“True freedom requires the rule of law and justice, and a judicial system in which the rights of some are not secured by the denial of rights to others”- Jonathan Sacks.
CORRUPTION in Nigeria is a fundamental denial of citizens’ equal rights and an institution which prescribes socio-economic injustice as a way of life. A corrupt judge is doubly a traitor; on one hand, he is a traitor to the ideals of democracy and justice which he is sworn to uphold; on the other hand, he is a traitor to his country and to its spirit, if we are to agree that most modern democracies are founded upon certain principles which include unassailable rights for all.
However, Nigeria is not one of those countries, and for this reason, one finds some apologists of corruption finding all sorts of reasons to explain why it is wrong to arrest or “go after” judges who are suspected of subverting justice, taking bribes, etc.
As we protect corrupt judges, lawyers, their clients and pay masters, let us also think about the Nigerian masses who suffer because the political and business elite in this country use the judiciary to ensure that we are all slaves at their mercy.
How do we not see the direct link between corruption and economic failure in Nigeria? How many MDs of failed companies and industries have been absolved of all criminal intent by corrupt judges, resulting in thousands of jobs lost and entire sectors of our economy crippled? How many elections have been stolen by conflicting rulings, therefore ensuring talentless, idealess individuals come to power? How can anyone claim there is something wrong with remedying such a situation where some feckless judges, at the bequest of their employers, hold our economy and society to ransom?
Public administration in Nigeria continuously follows the British imperial and colonial template: a country’s resources, its wealth and labour serve the interests of the elite. We merely substituted the British for a new rent collecting few who see Nigeria as a private enterprise. Where is the rule of law in all of that? I wish we’d expend as much energy defending the rights of ordinary Nigerians, whose salaries are hardly ever paid on time (if at all). How does a judge, a civil servant, earning what he or she does, find himself (or herself) in possession of millions in foreign currency? How do Nigerian judges afford lavish weddings, cars and properties? We have lost the habit of being honest with ourselves. How can we call the arrest or prosecution of corrupt persons “anarchy”? The real lawlessness, the real chaos, is the situation we find ourselves in today, spent and unimaginative rentiers, after decades of profiteering, of stealing from the state and the people. Where was justice then?During military rule, many sold their souls, some lawyers assisted our rulers to sell Nigerians to foreign companies for profit.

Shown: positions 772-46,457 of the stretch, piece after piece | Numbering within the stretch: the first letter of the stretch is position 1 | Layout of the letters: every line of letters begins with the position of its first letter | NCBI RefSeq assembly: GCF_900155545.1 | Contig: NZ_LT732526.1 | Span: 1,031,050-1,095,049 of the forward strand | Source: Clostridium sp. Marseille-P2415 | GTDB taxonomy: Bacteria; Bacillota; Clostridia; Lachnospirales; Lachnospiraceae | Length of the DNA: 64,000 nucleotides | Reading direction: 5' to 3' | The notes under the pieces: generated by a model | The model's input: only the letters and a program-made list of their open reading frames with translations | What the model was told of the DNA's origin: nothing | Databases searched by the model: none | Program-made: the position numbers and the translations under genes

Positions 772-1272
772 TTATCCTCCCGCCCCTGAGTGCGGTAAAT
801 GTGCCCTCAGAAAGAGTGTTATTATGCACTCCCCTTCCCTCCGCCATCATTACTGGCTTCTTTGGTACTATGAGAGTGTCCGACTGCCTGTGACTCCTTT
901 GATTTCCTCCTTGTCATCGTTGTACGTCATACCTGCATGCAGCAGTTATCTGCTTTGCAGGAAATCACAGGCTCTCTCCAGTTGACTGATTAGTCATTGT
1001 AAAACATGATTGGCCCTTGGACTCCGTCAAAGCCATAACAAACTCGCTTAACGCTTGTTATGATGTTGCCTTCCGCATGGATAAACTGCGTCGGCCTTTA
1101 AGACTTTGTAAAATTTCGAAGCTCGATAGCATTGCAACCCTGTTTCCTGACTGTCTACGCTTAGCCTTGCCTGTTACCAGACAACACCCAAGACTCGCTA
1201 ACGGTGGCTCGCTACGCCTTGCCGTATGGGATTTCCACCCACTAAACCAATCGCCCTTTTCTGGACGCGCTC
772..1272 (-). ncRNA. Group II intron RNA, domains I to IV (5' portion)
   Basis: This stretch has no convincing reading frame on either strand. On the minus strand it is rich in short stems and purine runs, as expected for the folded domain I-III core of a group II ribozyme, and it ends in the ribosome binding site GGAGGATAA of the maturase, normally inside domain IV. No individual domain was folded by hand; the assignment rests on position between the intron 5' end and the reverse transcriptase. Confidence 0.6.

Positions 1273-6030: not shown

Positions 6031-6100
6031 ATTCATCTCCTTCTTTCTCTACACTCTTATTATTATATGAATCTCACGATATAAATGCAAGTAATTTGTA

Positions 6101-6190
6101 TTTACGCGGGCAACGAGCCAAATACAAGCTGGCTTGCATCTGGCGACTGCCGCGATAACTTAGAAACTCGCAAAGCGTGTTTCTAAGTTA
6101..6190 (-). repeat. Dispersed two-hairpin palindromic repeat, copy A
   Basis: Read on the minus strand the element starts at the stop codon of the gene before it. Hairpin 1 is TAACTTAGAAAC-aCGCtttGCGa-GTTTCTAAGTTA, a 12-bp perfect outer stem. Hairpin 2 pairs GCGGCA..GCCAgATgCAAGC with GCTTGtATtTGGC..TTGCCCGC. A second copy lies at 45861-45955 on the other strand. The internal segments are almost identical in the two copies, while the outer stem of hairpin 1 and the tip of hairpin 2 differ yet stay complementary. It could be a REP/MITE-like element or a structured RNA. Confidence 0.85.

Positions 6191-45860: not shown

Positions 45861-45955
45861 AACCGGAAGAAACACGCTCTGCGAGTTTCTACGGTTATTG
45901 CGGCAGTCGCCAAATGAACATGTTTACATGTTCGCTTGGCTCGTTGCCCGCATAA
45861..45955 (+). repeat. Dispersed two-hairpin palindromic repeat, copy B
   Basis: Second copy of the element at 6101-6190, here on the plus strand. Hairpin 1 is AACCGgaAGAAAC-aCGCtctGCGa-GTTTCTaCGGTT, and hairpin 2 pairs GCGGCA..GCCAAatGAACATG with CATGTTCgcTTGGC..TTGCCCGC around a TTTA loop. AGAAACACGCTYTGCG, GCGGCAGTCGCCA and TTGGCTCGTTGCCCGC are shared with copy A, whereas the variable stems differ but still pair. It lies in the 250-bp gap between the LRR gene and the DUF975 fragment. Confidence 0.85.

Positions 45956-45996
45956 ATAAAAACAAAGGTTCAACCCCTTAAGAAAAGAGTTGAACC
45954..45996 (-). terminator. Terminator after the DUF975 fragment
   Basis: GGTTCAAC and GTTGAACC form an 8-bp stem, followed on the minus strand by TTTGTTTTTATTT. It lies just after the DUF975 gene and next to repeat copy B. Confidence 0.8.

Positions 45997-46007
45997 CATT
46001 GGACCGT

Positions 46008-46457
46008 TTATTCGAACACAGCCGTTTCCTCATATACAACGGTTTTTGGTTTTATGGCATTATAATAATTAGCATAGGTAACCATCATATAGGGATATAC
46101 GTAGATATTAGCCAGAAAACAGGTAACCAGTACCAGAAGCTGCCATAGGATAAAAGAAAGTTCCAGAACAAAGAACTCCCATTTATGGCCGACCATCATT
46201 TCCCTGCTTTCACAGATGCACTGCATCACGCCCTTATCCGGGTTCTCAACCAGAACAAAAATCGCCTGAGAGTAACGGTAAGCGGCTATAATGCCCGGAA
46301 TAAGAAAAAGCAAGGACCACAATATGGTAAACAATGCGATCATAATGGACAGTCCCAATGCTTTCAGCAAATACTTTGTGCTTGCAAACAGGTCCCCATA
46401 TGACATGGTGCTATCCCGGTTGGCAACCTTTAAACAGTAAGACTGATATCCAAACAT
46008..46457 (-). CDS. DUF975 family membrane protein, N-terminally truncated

During our so-called return to democracy, they were often on the side of the business and political mob responsible for our perennial woes. There had to be a reckoning. One can only hope that besides arrests and fanfare, prosecutions and sentences ensue. Only such shockwaves can stifle corruption and return our national psyche to its original setting: a productive mind-set, one where people work for their wages rather than seek to defraud the state and its citizens.
Honest people are cheated without redress, every day in Nigeria, yet some civil servants, whose job it is to right said wrongs are on the side of their oppressors and are alleged to be building no less than seven houses at the same time and to keep billions of naira in cash hidden away in their homes.
How can anyone mean well for Nigeria and confidently claim such people shouldn’t be investigated, arrested and prosecuted? It isn’t enough to retire corrupt judges. It also isn’t enough to retrieve their loot. I hope that the average Nigerian, the ordinary man suffering the most from this recession, won’t allow himself to be used.